Texas Electric: What Is a Provider of Last Resort & Why You Want to Avoid Them

Anything with the phrase “last resort” in it is probably something you want to avoid — unless you’re talking about scoping out Caribbean vacation spots (as in, that last resort we toured was gorgeous). When it comes to energy, you don’t want to be in the “last resort” club.

As it relates to Texas electricity, following is what a Provider of Last Resort (POLR) is, and why you want to avoid being a part of their roster.

What is a Provider of Last Resort?

Actually, from a consumer standpoint, a POLR is a good thing. They are Texas energy companies that act as a back-up in case an existing service provider goes out of business.

Texas electricity consumers have a deregulated energy market, which has produced the need for POLRs. Why? Because with deregulation came a lot of competition. And, some of these new companies had neither the market savvy nor the secure financial backing it takes to be in business for the long haul.

Many of them came on the scene offering Texas electricity consumers low rates, but they couldn’t deliver when certain market forces shifted. So, they went out of business – leaving thousands of customers potentially stranded.

Enter POLRs. The Public Utility Commission of Texas (PUC) designated certified retail electric providers (REPs) to act as POLRs for each customer class in each electric utility service area open to competition.

While this is a comfort, it can be a nightmare in that there is no guarantee that the rate you paid with your old Texas electricity company is the one you’ll get with your new one. And, if you’re already paying the high cost of a prepaid electric service plan, your costs could escalate even more.

Why It Pays to Choose a Traditional Texas Electricity Company

This is why it pays to sign on with a traditional Texas energy supplier – even if it means saving up to pay a deposit. Although, many have low-deposit and no-deposit electric service plans you may qualify for. All it takes is a phone call to find out.

To Compare Texas Electricity Rates please click here

PUCT Answers Question on MCPE and POLR Electric Rates

The Public Utility Commission has responded to one of our blog subscribers with some very helpful information regarding rules and law changes that will help lower MCPE rates, POLR rates and hopefully prevent more electric companies from going under. ERCOT has also changed some rules to hopefully make congestion charges less which will reduce the market clearing price rate, specifically in Houston, and hopefully make Houston’s MCPE rates similar to the rates in other location in the state. Houston has the highest MCPE prices in the state.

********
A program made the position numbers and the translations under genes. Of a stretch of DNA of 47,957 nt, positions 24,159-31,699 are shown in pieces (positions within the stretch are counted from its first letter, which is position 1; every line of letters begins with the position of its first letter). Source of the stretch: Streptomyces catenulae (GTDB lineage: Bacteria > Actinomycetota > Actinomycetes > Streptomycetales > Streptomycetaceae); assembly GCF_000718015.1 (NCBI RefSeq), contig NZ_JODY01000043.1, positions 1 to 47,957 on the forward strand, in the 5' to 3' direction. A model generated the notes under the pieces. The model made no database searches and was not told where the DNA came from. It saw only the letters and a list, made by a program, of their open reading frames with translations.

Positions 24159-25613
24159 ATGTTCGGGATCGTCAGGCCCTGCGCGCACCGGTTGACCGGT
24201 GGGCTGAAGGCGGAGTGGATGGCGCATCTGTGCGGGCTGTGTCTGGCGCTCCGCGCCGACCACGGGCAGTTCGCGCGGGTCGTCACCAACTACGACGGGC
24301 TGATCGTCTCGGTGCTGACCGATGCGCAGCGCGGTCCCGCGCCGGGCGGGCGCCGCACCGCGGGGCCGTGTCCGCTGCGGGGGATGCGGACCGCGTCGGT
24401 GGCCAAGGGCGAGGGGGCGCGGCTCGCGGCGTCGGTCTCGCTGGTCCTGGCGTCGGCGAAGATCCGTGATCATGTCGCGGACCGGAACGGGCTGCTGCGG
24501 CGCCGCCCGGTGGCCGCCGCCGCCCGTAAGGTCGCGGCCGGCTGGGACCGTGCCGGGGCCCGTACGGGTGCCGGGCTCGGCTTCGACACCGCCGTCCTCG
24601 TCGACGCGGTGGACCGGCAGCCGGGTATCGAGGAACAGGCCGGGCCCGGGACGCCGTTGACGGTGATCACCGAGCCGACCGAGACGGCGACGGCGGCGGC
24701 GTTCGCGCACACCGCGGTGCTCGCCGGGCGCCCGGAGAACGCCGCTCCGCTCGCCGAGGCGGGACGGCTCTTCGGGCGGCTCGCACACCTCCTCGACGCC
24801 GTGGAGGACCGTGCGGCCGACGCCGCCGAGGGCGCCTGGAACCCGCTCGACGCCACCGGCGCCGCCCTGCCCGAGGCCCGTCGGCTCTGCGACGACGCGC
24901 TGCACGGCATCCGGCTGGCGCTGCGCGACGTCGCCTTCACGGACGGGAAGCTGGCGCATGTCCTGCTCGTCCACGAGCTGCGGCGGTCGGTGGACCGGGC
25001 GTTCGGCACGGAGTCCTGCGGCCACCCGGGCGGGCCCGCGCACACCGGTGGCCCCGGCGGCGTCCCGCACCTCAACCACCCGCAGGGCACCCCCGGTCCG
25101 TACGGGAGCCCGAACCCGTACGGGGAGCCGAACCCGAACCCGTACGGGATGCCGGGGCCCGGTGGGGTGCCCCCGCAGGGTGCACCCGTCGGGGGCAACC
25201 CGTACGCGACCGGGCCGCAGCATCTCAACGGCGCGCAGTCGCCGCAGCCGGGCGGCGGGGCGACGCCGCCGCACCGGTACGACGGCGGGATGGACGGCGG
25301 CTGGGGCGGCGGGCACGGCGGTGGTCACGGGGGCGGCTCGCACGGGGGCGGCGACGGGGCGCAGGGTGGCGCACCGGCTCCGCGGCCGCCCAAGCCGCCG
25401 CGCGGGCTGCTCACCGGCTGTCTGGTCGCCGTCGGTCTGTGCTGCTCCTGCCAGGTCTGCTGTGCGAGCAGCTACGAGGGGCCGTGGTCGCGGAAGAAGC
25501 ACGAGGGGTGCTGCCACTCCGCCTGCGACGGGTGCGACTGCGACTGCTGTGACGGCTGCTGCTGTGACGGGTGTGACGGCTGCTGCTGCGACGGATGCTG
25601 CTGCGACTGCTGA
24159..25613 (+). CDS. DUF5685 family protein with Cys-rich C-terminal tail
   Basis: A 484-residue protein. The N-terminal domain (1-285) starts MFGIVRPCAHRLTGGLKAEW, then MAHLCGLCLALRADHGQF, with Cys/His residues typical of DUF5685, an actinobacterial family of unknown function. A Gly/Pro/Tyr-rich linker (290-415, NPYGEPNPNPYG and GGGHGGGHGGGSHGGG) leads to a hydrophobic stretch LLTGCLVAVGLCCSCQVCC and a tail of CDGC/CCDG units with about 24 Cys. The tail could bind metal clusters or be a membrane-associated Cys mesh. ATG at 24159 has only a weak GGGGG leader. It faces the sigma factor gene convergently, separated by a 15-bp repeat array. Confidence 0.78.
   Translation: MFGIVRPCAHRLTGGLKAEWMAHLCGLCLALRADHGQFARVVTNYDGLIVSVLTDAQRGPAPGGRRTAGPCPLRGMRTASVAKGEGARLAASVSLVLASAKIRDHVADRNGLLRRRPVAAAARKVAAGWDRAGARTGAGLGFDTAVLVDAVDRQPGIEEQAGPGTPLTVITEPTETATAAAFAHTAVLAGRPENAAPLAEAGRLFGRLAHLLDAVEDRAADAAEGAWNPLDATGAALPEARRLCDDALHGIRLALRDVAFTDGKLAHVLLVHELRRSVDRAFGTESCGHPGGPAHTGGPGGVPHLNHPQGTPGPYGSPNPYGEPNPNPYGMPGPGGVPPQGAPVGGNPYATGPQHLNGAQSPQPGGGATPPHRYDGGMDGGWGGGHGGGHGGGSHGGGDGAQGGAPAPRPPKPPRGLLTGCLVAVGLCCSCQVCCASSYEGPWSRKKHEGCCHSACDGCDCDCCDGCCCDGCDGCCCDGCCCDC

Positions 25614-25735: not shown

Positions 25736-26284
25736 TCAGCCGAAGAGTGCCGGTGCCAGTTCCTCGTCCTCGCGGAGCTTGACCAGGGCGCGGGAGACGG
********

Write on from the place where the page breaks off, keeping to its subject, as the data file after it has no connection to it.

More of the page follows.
Background on MCPE Electric Rates

For those not familiar with MCPE, it stands for Market Clearing Price for Energy. National Power, Riverway Power and others had a failed business model that relied on buying energy from the MCPE index which is a variable price and selling it as a fixed rate to their customers. When MCPE went up higher then they anticipated they went backwards on their energy investment and had to get out of the business quick, leaving their customers on a very high POLR rate.

You can read exactly what the Public Utility Commission of Texas has said below:

Mr. Hipp Thanks for your email. I’m sorry that this has happened to
you. Prior to the last couple of weeks, only six REPs had gone out of
business since the retail electricity market was deregulated in Jan
2002. Almost all of those REPs had a flawed business plan whereby they
were buying energy short term through the ERCOT balancing energy market
and then selling it long term to their customers. It seems as if
National Power may have been pursuing the same flawed business model.

With regard to financial stability for REPs, the PUC does have rules
regarding financial resources. We have tried to balance the desire of
the legislature to have robust retail competition (and a multitude of
REPs who can enter the market) versus only having a handful of large
“household name” REPs with larger balance sheets. Having said that, the
PUC will be opening up our rule regarding REP finances to determine if
it needs to be changed.

Our rules do require the “exiting REP” to notify the customer;
unfortunately National Power did not do that and we are considering an
enforcement action against them.

POLR has always been designed as a service that continues the flow of
electricity to your home in case your REP goes out of business. Because
the POLR provider unexpectedly receives a bunch of unplanned customers
almost overnight, the plan was designed to be priced based upon the
Marginal Clearing Price of Electricity in the ERCOT balancing energy
market. That price has been unreasonably high of late. We have asked all
the POLRs to price electricity to you at levels below what our rules
allow. We will also be opening up our POLR rule to see if it needs
adjustment.

As of last Friday, ERCOT changed some of it operational procedures which
we believe will allow transmission congestion to be resolved more
inexpensively. We will be closely monitoring the balancing energy
market this week to see if there is any improvement.

As we have asked of all others in your situation, please switch to
another REP or another product from the POLR as soon as possible.
Thanks again. Barry

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